"At the time, we thought we had a real blockbuster on our hands. Our primary competition were the guys doing League of Legends, and the advance press was that we had the more interesting product. Ha! Now those guys own the universe, and nobody’s even heard of Demigod. In the end, our game was hobbled by the publisher, who insisted on handling the networking code on their end, but didn’t have either the time or the manpower to do it right. They ended up just shipping it broken. So we had this great multiplayer game that nobody could actually play when it shipped. That pretty much killed us."
That is a ridiculous, inaccurate statement. From top to bottom.
Let me put one fact out there that should put everything else in perspective: Stardock became the publisher of Demigod less than 9 months before it shipped. The game had been designed and largely developed long long before then. Perhaps a software developer can chime in to help explain to others the significance of that.
First, when Demigod was designed and being developed, there was no League of Legends. It wasn't on the radar. Demigod was designed as an RTS with gameplay similar to DOTA. Here's the announcement they made. What little metagame it had was not part of the original design but added, later, by us.
Second, Stardock did not write the network code of Demigod. I've seen non-technical people on the net say this but never anyone who should know better. Demigod uses the same network code as Supreme Commander.
What Stardock did write, late in development, was a proxy server that would help connect those who didn't have a direct connection and do match making. And it worked fine until you got tens of thousands of people on it at launch time. The infrastructure and coding was expanded and within a few weeks that had largely eliminated that problem.
Suggesting that server overload at the launch of a network heavy game is what kept it from beating LOL is a tremendous insult to League of Legends. Nearly every network game, including LOL, suffers teething problems when they first launch. The bulk of Demigod sales occurred long after the launch. Designing a MOBA style game does not, in itself, make you a realistic competitor to LOL, HON, or DOTA2. There's a lot more to it than the game design.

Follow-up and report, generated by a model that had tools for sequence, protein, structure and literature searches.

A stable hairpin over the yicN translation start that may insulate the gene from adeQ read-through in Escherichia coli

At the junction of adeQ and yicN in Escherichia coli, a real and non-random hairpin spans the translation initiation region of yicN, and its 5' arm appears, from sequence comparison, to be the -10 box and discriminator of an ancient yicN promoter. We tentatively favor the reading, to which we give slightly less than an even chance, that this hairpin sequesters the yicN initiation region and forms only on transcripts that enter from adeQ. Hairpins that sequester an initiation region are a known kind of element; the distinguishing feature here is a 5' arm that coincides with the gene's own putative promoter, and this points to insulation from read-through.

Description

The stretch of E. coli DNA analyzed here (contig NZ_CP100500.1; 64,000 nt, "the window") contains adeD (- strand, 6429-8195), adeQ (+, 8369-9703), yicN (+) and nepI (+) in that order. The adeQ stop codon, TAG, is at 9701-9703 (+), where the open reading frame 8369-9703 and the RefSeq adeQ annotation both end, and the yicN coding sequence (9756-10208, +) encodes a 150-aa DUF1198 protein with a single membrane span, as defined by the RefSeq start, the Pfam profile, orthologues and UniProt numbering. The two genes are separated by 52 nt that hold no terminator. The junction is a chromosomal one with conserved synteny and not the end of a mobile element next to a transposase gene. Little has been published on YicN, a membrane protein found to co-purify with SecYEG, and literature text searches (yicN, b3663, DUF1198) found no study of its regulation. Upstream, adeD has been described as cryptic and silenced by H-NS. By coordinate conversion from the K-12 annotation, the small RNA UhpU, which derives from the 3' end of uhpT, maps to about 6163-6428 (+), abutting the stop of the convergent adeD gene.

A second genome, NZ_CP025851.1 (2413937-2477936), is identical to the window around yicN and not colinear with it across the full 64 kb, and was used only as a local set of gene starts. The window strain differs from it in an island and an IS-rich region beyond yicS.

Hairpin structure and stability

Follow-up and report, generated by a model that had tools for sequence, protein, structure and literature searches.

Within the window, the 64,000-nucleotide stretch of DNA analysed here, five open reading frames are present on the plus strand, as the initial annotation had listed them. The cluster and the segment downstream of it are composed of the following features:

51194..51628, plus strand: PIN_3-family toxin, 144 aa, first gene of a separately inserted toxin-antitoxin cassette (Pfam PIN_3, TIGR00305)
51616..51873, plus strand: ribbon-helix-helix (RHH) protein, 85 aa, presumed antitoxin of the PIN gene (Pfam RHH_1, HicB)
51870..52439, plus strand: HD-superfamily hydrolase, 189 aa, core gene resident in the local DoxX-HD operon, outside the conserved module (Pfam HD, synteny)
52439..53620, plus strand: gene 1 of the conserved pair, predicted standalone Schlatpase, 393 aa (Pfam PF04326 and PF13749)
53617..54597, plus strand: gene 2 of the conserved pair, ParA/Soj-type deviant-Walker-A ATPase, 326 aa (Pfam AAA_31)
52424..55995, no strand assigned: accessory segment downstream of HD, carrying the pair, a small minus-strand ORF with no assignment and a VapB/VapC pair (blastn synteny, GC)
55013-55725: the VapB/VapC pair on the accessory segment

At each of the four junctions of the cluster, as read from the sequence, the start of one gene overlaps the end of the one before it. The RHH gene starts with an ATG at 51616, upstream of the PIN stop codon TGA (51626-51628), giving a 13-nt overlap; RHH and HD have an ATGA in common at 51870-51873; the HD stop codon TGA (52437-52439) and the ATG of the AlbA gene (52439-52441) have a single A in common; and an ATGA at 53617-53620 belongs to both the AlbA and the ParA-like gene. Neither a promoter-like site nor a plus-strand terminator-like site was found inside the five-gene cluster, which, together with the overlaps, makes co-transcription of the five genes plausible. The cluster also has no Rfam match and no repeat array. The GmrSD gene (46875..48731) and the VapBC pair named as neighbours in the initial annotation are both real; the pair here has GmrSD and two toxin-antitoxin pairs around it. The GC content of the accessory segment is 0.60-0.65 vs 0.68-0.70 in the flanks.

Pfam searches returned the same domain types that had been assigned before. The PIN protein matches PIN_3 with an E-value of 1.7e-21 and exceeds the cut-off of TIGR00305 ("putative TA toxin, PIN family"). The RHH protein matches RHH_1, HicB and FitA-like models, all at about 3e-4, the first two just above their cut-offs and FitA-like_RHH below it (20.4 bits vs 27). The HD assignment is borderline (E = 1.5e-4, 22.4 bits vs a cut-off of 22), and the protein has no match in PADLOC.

League of Legends has been a spectacular success because it was designed, from the ground up, to be what it is: a massively multiplayer competitive league game. Demigod was not. And it shows.
Unlike LOL, Demigod uses peer-to-peer networking like all of GPG's other games. That's very common design for RTS's and not a criticism of GPG. And it works fine when you have 1 on 1 or 2 on 2 games (or you're on a LAN). But 5 on 5? All 10 people have to connect to all the other people? And they might be in other countries?
Moreover, Demigod's network code, which worked fine with Supreme Commander, passes Lua scripts back and forth. Try doing that when you have 10 people playing and that all 10 have to respond before the game can tick -- and where some of those people might have +400ms ping times.
I'm not faulting GPG for doing this. Demgiod wasn't deigned to compete with LOL because there was no LOL when Demigod was being designed. It was an RTS with a designed inspired by DOTA.
And even if none of those technical issues existed, the fact is, LOL has an immense league infrastructure that none of us ever envisioned at the time. GPG and Riot were not competing to make the world's first dedicated competitive online game. Only Riot was. And that means they had a business model (Free to play), a content stream ready to go, a worldwide network of servers for handling match making, scoring, rankings, team rankings.
Certainly, we tried to tack on more meta game features to Demigod after release. And we paid GPG to make two additional demigods. But Demigod, a very good RTS, couldn't compete with a game that was explicitly designed to be a competitive league game on a massive scale.
The fact is, League of Legends is so successful because Riot Games has done an amazing job on it. They put together a business model and a design specifically to create a massively multiplayer online competitive league game and have executed on that plan spectacularly.
Rather than blaming us, the proper and accurate thing to do would be to congratulate Riot Games for doing a good job.